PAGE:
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The COVID-19 Effect

The pandemic has demonstrated that disability inclusion in philanthropy is more crucial than ever. Read more from Richard Besser in Stanford Social Innovation Review.

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Latest Op-Eds

What budget reconciliation could have been and what Congress must do next

The passage of the Inflation Reduction Act is a moment to celebrate—the investments in climate change and healthcare needs alone are historic. But we shouldn't lose sight of how the ambitious legislation envisioned last fall—including everything from paid family and medical leave to the extended Child Tax Credit and more—was sacrificed because of the politics of the moment. As the nation’s largest health philanthropy, RWJF had hoped for a far broader and more equitable effort to help create an America in which race and ethnicity, income level, neighborhood, disability, occupation, and immigration status no longer determine how long and how well people live. The fight must continue, write Richard Besser, RWJF president and CEO, and Avenel Joseph, vice president of Policy, until health equity is a reality for all rather than a distant aspiration for too many.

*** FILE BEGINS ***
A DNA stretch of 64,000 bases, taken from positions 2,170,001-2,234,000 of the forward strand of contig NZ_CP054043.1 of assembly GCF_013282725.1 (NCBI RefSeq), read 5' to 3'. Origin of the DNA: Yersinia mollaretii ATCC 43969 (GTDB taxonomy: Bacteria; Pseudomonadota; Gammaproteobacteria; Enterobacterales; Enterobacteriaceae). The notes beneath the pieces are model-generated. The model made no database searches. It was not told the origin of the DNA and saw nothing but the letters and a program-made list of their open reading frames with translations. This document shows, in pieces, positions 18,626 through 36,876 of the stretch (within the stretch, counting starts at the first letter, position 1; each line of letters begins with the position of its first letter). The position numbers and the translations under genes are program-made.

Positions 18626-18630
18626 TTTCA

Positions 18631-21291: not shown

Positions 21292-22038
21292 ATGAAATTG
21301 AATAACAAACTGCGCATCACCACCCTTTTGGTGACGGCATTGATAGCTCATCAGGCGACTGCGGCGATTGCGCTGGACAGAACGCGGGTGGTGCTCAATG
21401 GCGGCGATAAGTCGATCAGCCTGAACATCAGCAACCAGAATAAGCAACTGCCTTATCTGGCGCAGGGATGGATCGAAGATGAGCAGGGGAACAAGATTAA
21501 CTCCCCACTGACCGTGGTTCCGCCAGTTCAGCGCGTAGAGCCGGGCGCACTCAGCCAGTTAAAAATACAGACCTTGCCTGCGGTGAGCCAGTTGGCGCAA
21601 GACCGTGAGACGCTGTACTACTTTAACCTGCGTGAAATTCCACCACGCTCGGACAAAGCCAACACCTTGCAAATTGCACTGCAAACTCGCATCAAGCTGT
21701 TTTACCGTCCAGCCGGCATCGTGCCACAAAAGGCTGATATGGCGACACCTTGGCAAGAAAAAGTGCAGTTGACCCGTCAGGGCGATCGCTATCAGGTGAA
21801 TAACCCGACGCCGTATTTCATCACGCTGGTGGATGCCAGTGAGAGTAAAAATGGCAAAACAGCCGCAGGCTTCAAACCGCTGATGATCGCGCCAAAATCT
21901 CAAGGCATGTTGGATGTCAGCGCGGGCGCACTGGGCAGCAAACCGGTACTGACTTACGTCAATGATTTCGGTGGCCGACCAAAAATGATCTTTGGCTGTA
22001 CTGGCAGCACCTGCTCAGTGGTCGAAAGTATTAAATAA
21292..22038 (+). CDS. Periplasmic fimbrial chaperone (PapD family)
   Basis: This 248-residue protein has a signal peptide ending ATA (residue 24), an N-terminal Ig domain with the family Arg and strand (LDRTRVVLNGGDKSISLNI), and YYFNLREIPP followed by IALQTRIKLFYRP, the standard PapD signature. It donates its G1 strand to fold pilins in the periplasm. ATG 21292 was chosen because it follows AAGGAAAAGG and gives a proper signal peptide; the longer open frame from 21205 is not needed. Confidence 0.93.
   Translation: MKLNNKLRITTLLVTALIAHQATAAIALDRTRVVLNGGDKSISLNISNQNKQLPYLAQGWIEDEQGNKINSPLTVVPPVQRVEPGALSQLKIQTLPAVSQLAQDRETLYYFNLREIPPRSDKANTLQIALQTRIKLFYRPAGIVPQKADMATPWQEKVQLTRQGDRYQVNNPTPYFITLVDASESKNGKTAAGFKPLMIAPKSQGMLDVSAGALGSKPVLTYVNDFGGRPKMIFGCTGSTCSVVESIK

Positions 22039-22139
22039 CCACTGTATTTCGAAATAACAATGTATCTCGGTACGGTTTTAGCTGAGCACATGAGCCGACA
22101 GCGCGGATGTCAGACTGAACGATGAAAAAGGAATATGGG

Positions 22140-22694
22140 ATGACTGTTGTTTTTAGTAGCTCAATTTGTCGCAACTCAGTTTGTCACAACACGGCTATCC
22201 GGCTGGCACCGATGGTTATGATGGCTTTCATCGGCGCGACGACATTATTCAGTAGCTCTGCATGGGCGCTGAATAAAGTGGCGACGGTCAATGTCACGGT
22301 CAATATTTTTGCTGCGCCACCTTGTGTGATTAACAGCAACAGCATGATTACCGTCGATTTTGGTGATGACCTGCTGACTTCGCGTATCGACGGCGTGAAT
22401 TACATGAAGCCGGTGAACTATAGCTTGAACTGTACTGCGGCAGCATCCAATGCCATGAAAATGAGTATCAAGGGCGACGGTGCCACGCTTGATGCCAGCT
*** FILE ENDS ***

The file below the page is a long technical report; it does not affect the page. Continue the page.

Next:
An avoidable hunger crisis still looms for millions of children: Opinion

Since early 2020, child nutrition waivers provided in response to the pandemic have made all students eligible for school meals at no cost and provided additional funding and flexibility to school meal programs. The waivers were set to expire June 30, which would have been premature: 23 million people in the United States are currently facing food insecurity and school meal programs are still struggling mightily with rising costs, staff shortages, and supply chain issues. Fortunately, Congress passed legislation last week ensuring that children could continue to receive meals at no cost through summer and extended some waivers through next school year. This bill averts the most dire short-term consequences but is far from perfect: it is imperative that the waivers be extended through next school year. As leaders of two nonprofit organizations committed to healthy school meals as integral to children’s learning and overall wellbeing, Richard Besser and Nancy Brown, CEO of the AHA, explain why this bill must be a first step not be a final one.